The question you need to ask is: what is the probability that a manager will deliver skill-based, market-beating returns over the long-term? The empirical evidence indicates that we are probably looking at around 2%-3% of them3. Remember that these managers have been identified with hindsight. The next question is: what then are the chances that you or an adviser can pick the few truly skilled managers today, who will deliver over the next 30 years? Answer – absolutely minimal. As Jack Bogle, one of the pioneers of index investing states “Don’t look for the needle, buy the haystack!”
At the end of this maths 101, it is probably easy to see the lesson that emerges – costs really do matter in the investment game. Again to quote Jack Bogle “In investing you get what you DON’T pay for!”
Good investing is not rocket science
At its simplest, investing is quite straight-forward. You only have two things you can do with your money: buy part ownership in companies (equities), with the reward of dividends and hopefully share price rises; or lend your money to a government or a company, with the expectation of receiving interest and your money back.
It is not a get rich quick fix, but a slow controlled preservation of the purchasing power you have accumulated, and hopefully achieving some growth too, by taking, managing and living with specifically chosen and understood risks, accessed in a low-cost and effective manner.
A well-thought-through and evidence-based approach to investing should deliver better outcomes, over time. Perhaps most importantly we all need to hold our nerve when markets are either overly exuberant or in the depths of despair, and avoid the whip-saw of emotions and human biases.
If we can achieve that for our clients, we will have earned our annual relationship fee several times over.
· Investors needlessly destroy wealth.
· Emotions and human biases make us prone to poor investment decisions.
· We ignore investing costs at our peril.
· Sensible portfolio structures, robust process and hand holding by an adviser help to mitigate these risks.
We hope that you have enjoyed this paper. Please do not hesitate to call if you have any questions or comments on it. Our next topic in two months time is:
“Making tough decisions in an uncertain world.”
* For non cricketers, a ‘googly’ is a cricket ball bowled as if to break one way that actually breaks in the opposite way, in order to deceive the batsman.
[i] Dalbar Quantitative Analysis of Investment Behaviour, 2009
[ii] Schneider, L. (2007), Diploma thesis: Are UK fund investors achieving fund rates of return? Submitted in July 2007, Fachhochschule Kufstein, Tirol, Austria.
[iii] Bogle, John, C., (2007), The Little Book of Common Sense Investing, John Wiley & Sons, NY: NY.
[iv] The Efficient Markets Hypothesis was developed by Professor Eugene Fama. It suggests that markets work effectively, incorporating all public information in a share price, which is the best estimation of a company’s true value. Prices change on new information and, as such, market movements are unpredictable and random. Mispricings are unpredictable and are rarely exploitable. The empirical evidence on the persistent failure of most professional investors to beat the market supports it.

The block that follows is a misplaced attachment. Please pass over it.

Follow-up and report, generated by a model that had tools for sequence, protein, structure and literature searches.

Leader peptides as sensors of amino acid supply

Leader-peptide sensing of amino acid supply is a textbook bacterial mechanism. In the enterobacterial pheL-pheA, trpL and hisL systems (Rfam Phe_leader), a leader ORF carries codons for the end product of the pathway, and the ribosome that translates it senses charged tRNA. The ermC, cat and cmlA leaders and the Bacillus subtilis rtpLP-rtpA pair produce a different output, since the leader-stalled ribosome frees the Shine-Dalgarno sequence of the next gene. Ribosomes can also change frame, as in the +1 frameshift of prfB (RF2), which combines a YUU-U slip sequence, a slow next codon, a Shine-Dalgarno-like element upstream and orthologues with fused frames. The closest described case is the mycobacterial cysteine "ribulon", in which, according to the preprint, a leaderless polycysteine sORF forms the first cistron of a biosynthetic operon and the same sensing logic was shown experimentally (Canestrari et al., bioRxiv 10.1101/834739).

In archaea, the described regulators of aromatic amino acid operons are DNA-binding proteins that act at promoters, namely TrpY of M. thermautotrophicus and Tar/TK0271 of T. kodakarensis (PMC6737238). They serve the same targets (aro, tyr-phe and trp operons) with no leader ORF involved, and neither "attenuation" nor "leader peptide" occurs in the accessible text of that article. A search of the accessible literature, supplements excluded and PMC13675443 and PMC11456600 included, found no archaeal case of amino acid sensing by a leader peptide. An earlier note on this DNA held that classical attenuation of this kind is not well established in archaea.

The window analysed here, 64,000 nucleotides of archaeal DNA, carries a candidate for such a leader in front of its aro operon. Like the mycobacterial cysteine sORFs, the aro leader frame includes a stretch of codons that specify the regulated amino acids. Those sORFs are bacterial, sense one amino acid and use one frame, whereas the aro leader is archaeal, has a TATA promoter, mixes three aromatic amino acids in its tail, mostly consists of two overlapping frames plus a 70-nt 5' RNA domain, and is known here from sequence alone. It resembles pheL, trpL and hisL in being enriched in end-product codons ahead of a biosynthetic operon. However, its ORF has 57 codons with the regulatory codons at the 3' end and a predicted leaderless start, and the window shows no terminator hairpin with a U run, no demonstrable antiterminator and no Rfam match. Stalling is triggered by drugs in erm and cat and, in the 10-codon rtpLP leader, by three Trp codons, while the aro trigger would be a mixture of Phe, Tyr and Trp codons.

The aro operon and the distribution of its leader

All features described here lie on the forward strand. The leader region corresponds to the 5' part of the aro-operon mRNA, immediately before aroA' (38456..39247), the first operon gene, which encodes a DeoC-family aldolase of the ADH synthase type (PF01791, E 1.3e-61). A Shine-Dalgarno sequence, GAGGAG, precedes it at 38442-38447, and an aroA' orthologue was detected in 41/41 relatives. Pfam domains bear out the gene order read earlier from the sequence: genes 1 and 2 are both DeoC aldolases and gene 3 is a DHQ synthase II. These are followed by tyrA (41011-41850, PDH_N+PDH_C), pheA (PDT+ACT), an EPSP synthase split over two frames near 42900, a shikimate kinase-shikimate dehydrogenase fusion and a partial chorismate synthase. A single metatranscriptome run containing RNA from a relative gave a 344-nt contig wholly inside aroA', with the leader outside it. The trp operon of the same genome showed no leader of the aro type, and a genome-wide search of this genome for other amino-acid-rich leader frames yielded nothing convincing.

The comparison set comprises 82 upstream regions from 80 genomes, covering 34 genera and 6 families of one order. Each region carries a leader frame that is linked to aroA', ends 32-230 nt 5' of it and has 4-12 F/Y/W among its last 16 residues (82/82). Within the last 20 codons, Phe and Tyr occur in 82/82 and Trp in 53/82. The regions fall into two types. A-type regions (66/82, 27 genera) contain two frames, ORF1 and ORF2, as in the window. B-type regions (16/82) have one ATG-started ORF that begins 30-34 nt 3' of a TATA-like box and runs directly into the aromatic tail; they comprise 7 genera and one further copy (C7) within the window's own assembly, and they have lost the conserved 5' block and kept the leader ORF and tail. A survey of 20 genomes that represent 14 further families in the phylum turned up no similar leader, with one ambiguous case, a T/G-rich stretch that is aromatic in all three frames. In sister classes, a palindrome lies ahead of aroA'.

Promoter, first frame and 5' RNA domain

Seminal works: 1) Eugene F. Fama, “Efficient Capital Markets: A Review of Theory and Empirical Work,” Journal of Finance 25, no.2 (May 1970): 383-417.2) A Random Walk Down Wall Street, by Burton Malkiel.
[v] Many studies reveal the same message. They are recorded in our [Investment Process Manual].
[vi]The average UK All Companies actively managed fund has a total expense ratio (TER), which comprises the Annual Management Charge (AMC) and other fixed costs that can be offset against fund performance, of around 1.6% (Lipper 2009).Within that there is around 0.5% trail commission passed to commission-based advisers each year.Another 0.3% represents payments to fund platforms to cover the cost of holding the assets for the client.To make a fair apples-to-apples comparison, these costs have been omitted from the ‘all-in’ calculation.
[vii]Other costs that are a drag on performance, relate to the decisions to sell and buy shares.The average turnover is around 100% of the portfolio a year (SCM Private 2010), which is based on estimated round trip costs (Albion estimate 2010) to sell and buy a share in the UK of around 1% (0.5% of which is stamp duty). This implies that the average active fund incurs around 1% of trading costs a year.
[viii] Investors can access the UK equity market these days for around 0.2%. Index funds tracking the broad market have very low turnover and associated costs, estimated at 0.1% a year.
[ix] Barclays Equity Gilt Study (2010)
Other notes and risk warnings
This article is distributed for educational purposes and should not be considered investment advice or an offer of any security for sale. This article contains the opinions of the author but not necessarily Otus Financial Planning and does not represent a recommendation of any particular security, strategy or investment product.
Information contained herein has been obtained from sources believed to be reliable, but is not guaranteed.
Past performance is not indicative of future results and no representation is made that the stated results will be replicated.
Errors and omissions excepted.